Staff Editorial: Ways to find brightness in the midterm gloom
This year, the fall semester has been compressed to a short few months, forcing the eradication of Fall Break entirely and shortening Thanksgiving break. Breaks have traditionally provided students a reprieve from school work and activities, but with the retraction of breaks this year, students must push through the monotony and lack of energy that arrives at this point in the semester, both of which can be harmful to students’ mental health. The members of the Student Life Editorial Board share their methods on how to de-stress safely during this fall.
Don’t do an assignment
Listen, you’ve worked really hard this semester. You’ve taken exams, written papers and stayed on top of tedious side tasks. Your instructor might not cancel one of your assignments. But why not do it for yourself? Save yourself an hour and let that quiz “slip your mind.” What’s the difference between a 98% and a 96% anyway?
-Dorian DeBose, Senior Sports Editor
Switch up your schedule
Making small changes to your daily routine can help to ease the effects of pandemic burnout and to help you feel more refreshed in the absence of a well-deserved mental health break. Even in the most monotonous and draining of semesters, I’ve found that the details make all the difference. Finding a new study spot for an afternoon, going on a morning walk, trying out a new coffee order or even putting on your favorite outfit can help lift your spirits and make you feel just a little bit more present as the days start to get more cold and dark.
-Jayla Butler, Managing Editor
I learned how to knit many years ago. It was something I dropped during my first two years of college—there was simply never time. Now, I am knitting more than ever. I knit during my Zoom lectures. I knit while listening to assigned podcasts and TEDTalks. I’ve even begun taking my knitting to my in-person class. For me, it’s about making something physical. Online school feels distinctly different than in-person school, and it was hard for me to feel like I was making progress. Now, I just look at the socks/gloves/blanket/etc I have knitted this semester, and I can see that I’ve made something.
-Isabella Neubauer, Senior Cadenza Editor and Copy Chief
With online classes and barely any social activity going on, the days have become unbelievably monotonous. I often feel like I rarely have something to get excited about in the way I used to for dinners with friends, live performances or dorm hangouts. So I try to make sure I always have something to look forward to: dessert. Nothing gets me through a day of Zooming like knowing that in a few hours I’ll get to dig into that tub of ice cream in the freezer. Now, I understand dessert may not be the thing that keeps you motivated, but that means you just need to find your own form of dessert. Something to look forward to, like an episode of your favorite show or a regular call with a friend. However, if you are, in fact, like me, I recommend cake a la mode.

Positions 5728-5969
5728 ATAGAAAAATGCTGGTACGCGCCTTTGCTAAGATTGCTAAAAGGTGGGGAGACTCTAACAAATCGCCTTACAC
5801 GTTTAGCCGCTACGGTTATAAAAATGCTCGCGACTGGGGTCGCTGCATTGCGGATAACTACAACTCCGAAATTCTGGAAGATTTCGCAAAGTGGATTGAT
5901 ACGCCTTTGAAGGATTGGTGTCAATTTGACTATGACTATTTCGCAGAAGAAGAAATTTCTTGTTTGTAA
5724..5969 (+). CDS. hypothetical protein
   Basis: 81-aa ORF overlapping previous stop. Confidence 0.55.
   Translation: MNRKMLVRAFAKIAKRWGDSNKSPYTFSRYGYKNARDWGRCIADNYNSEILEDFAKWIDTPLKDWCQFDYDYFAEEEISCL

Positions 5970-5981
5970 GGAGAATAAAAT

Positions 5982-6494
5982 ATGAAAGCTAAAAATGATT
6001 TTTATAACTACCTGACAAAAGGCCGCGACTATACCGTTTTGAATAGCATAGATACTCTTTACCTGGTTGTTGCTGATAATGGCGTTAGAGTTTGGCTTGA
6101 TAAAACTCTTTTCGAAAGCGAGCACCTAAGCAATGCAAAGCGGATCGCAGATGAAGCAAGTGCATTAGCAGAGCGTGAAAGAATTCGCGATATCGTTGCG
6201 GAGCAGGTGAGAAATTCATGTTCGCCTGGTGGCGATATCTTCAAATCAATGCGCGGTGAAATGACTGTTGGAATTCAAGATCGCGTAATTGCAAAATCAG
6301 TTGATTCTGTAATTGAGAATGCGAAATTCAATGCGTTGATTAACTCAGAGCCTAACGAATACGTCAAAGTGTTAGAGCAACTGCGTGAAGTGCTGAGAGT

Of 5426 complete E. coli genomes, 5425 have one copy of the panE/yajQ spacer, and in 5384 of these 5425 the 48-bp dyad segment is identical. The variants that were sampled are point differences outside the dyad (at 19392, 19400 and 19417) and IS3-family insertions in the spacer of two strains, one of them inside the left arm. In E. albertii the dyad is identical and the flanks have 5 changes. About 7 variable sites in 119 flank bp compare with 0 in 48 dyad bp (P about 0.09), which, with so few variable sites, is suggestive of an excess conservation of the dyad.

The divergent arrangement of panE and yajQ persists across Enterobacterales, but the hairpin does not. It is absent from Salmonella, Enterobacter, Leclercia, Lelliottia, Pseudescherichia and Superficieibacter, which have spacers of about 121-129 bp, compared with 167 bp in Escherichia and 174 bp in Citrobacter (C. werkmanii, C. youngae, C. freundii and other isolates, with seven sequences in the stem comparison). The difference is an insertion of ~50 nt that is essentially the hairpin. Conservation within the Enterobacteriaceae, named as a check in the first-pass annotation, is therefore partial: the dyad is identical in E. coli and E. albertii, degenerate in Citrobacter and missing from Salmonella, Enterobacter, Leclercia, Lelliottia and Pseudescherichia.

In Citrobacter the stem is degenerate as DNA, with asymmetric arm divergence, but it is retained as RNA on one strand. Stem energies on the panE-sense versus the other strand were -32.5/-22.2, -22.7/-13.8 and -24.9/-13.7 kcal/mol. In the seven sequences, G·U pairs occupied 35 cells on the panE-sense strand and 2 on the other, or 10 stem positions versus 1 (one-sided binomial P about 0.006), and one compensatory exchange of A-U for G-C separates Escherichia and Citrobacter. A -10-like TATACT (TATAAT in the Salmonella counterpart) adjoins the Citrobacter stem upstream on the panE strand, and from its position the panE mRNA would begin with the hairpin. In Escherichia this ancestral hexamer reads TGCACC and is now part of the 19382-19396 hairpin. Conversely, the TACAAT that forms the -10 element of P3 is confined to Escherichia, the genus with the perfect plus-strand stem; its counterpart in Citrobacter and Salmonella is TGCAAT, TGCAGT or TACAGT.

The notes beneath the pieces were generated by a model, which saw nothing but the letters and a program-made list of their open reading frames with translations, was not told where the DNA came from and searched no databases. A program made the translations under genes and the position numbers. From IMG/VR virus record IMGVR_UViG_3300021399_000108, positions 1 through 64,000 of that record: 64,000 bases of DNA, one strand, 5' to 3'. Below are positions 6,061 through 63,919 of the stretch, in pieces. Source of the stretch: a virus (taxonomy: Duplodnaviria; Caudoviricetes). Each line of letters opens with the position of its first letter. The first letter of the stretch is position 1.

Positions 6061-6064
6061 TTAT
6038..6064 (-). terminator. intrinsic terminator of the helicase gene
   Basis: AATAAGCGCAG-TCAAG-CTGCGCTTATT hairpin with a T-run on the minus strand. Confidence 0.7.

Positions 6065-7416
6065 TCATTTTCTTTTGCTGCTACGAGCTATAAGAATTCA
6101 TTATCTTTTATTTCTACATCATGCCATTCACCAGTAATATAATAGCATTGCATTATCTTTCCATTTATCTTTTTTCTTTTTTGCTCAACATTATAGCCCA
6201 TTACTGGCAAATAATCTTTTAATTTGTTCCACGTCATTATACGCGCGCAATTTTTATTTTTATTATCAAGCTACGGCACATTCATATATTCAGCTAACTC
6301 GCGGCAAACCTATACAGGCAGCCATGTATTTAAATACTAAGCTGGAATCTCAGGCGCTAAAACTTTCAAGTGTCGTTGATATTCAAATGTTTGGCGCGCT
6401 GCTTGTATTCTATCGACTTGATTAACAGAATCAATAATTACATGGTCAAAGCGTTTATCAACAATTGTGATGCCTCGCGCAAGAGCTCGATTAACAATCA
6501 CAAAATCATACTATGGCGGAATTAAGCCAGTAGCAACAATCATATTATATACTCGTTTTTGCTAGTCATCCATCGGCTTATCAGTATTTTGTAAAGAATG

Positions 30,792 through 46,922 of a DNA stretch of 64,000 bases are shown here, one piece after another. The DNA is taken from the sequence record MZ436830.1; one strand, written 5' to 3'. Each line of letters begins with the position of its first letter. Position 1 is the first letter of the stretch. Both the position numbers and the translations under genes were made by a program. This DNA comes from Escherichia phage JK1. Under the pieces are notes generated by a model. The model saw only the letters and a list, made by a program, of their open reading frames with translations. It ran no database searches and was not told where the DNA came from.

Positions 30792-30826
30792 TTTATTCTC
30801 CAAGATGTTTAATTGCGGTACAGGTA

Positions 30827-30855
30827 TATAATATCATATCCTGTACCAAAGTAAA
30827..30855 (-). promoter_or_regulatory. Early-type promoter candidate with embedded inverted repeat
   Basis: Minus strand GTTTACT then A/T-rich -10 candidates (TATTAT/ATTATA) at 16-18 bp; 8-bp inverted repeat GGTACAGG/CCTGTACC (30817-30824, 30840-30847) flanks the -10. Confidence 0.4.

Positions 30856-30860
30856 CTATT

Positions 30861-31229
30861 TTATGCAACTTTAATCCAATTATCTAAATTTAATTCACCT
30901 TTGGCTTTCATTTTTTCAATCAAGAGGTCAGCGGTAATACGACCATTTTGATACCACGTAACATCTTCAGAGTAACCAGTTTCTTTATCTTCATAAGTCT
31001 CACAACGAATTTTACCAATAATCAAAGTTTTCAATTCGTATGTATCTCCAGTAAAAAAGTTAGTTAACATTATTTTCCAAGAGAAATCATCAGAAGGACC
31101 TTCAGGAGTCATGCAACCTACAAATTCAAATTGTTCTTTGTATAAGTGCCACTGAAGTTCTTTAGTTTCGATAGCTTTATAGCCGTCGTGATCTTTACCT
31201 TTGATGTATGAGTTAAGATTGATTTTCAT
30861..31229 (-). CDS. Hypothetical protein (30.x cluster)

-Jaden Satenstein, Multimedia Editor
Call someone you care about
During my freshman and sophomore years at Wash. U., I would call my family no more than once every couple of weeks. Now, I find myself calling every few days, and the calls are a highlight every week. They serve as an escape from college life and a reminder that life exists beyond the seemingly endless readings and midterms. It doesn’t have to be a family member: maybe it’s a friend from a summer job or a childhood neighbor. Even if it’s a 10-minute chat as you walk to your surveillance test or splash through the gloom, a call to someone you care about can brighten your day.
-Matthew Friedman, Associate Editor
Have a movie night
Sometimes you just need to escape reality for a couple hours, and there are few better ways than by curling up with a fuzzy blanket and watching your favorite movie with friends. Fortunately, there are still several ways to host a movie night while being socially distant and mindful of COVID-19. From Netflix and Disney watch parties to drive-in movie theatres and even renting an AMC movie theatre (it’s cheaper than you’d think!), movie night is not going anywhere. So grab your friends and watch that movie you’ve been waiting to see, I promise you might just feel better.
-Kathleen White, Director of Engagement